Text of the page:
Saint Cosmas of Aetolia
According to the tradition he is ascetic, wrapped up in his robe, with a monastic cap covering his head and a stick in his hand.
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Cosmas of Aetolia (or Patrokosmas “Father Cosmas”) was a monk in the Greek Orthodox Church and an important figure in the Greek Enlightenment. Saint Cosmas, the “Equal to the Apostles,” was officially proclaimed a Saint by the Orthodox Church of Constantinople on 20 April 1961. His feastday is celebrated on August 24, the date of his martyrdom. According to the tradition he is ascetic, wrapped up in his robe, with a monastic cap covering his head and a stick in his hand. He was born in 1714 in Aitolia to a father who was a weaver and a devout mother. He attended public schools, but was tutored by an archdeacon.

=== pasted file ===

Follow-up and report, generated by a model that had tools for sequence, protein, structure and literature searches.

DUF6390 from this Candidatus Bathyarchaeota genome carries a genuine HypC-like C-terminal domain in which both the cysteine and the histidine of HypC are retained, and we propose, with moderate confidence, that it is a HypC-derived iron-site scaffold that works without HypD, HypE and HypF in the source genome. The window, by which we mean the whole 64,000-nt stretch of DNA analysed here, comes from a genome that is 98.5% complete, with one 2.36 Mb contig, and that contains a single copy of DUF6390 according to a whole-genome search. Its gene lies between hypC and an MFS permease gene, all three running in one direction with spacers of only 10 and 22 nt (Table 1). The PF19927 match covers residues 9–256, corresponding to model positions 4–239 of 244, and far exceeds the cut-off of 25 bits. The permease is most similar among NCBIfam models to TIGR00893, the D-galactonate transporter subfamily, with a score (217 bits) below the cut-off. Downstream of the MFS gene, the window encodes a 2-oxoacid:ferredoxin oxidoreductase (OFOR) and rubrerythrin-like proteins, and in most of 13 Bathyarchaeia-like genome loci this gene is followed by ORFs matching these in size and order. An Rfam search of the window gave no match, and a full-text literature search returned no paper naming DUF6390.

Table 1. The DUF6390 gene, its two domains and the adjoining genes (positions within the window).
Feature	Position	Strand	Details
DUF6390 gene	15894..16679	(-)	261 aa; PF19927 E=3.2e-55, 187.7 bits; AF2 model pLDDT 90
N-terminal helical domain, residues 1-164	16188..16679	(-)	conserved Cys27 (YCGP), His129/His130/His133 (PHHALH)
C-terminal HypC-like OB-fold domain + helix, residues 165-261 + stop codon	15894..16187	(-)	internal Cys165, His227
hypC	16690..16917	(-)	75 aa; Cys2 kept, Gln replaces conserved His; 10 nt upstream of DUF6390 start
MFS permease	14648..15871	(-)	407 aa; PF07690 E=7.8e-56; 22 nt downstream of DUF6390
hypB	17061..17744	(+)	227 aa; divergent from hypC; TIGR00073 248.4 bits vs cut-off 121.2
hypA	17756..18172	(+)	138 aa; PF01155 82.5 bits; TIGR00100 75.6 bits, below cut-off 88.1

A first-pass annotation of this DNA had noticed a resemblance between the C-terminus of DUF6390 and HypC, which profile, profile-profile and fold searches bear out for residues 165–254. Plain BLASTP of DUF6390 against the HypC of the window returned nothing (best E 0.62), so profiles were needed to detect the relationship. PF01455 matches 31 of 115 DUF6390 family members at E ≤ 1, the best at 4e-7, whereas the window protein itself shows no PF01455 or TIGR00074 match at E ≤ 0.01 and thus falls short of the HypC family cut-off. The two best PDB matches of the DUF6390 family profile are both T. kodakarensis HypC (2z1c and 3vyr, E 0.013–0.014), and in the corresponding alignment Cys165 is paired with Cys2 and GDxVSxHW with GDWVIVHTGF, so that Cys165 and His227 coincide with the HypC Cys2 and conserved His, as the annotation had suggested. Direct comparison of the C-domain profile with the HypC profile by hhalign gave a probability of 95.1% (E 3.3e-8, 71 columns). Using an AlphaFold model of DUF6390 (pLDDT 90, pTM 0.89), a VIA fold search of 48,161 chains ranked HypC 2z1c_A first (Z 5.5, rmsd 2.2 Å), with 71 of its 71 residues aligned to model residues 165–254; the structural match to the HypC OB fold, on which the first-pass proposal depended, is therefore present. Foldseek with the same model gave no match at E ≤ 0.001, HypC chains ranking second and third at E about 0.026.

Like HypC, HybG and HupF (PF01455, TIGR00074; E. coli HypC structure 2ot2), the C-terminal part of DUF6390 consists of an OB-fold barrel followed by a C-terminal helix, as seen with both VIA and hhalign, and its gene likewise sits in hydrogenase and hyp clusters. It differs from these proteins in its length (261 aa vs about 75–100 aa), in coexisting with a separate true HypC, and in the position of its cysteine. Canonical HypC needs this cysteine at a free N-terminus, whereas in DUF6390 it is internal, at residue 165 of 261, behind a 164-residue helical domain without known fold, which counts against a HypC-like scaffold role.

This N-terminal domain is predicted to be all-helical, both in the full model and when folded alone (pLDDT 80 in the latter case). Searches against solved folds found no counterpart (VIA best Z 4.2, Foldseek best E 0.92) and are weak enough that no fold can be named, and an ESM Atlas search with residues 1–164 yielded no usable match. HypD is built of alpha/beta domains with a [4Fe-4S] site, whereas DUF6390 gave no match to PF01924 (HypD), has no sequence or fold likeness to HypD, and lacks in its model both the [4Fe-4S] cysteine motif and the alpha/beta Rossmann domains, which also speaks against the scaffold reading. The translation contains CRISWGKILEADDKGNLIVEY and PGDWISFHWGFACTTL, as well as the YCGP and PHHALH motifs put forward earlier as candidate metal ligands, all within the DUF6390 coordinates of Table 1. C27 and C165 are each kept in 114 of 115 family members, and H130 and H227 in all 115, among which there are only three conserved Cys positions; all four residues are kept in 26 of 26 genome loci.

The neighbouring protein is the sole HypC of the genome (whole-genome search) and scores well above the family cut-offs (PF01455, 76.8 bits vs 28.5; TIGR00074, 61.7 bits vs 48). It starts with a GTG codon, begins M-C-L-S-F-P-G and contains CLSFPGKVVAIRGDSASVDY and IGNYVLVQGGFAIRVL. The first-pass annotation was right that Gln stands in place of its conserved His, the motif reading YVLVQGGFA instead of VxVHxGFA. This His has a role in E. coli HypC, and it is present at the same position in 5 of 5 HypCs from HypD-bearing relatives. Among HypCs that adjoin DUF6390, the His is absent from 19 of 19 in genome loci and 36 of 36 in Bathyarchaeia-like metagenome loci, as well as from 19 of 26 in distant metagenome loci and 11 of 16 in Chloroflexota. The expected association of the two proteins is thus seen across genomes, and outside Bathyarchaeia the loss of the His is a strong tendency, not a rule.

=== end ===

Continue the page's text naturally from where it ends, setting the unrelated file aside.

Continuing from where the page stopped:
After a time, he felt a calling to do missionary work in Greece, especially in the remote areas where there was a lack of churches and priests for the many unbaptized adults. As an aftermath of four centuries of Turkish oppression in Greece, Kosmas received the patriarchal blessing to travel wherever needed, for however long, with complete independence, to breathe life back into Christianity in Greece. The Muslims tried him on charges of conspiracy and sentenced him to hang in August 1779 in Albania. However, one account reports that he prayed and gave up his spirit before this could occur.
The lithographic icon of St. Cosmas has been placed by the monks who live at the Holy Hut of St. George on Mount Athos, in a wood derivative that has been worked with wax and resin. By applying high temperature, the wood took this particular shape and its distinctive black color. This unique work of Byzantine art has been coated with gloss varnish in order to remain unchanged over time.
|Dimensions||14 x 20 cm|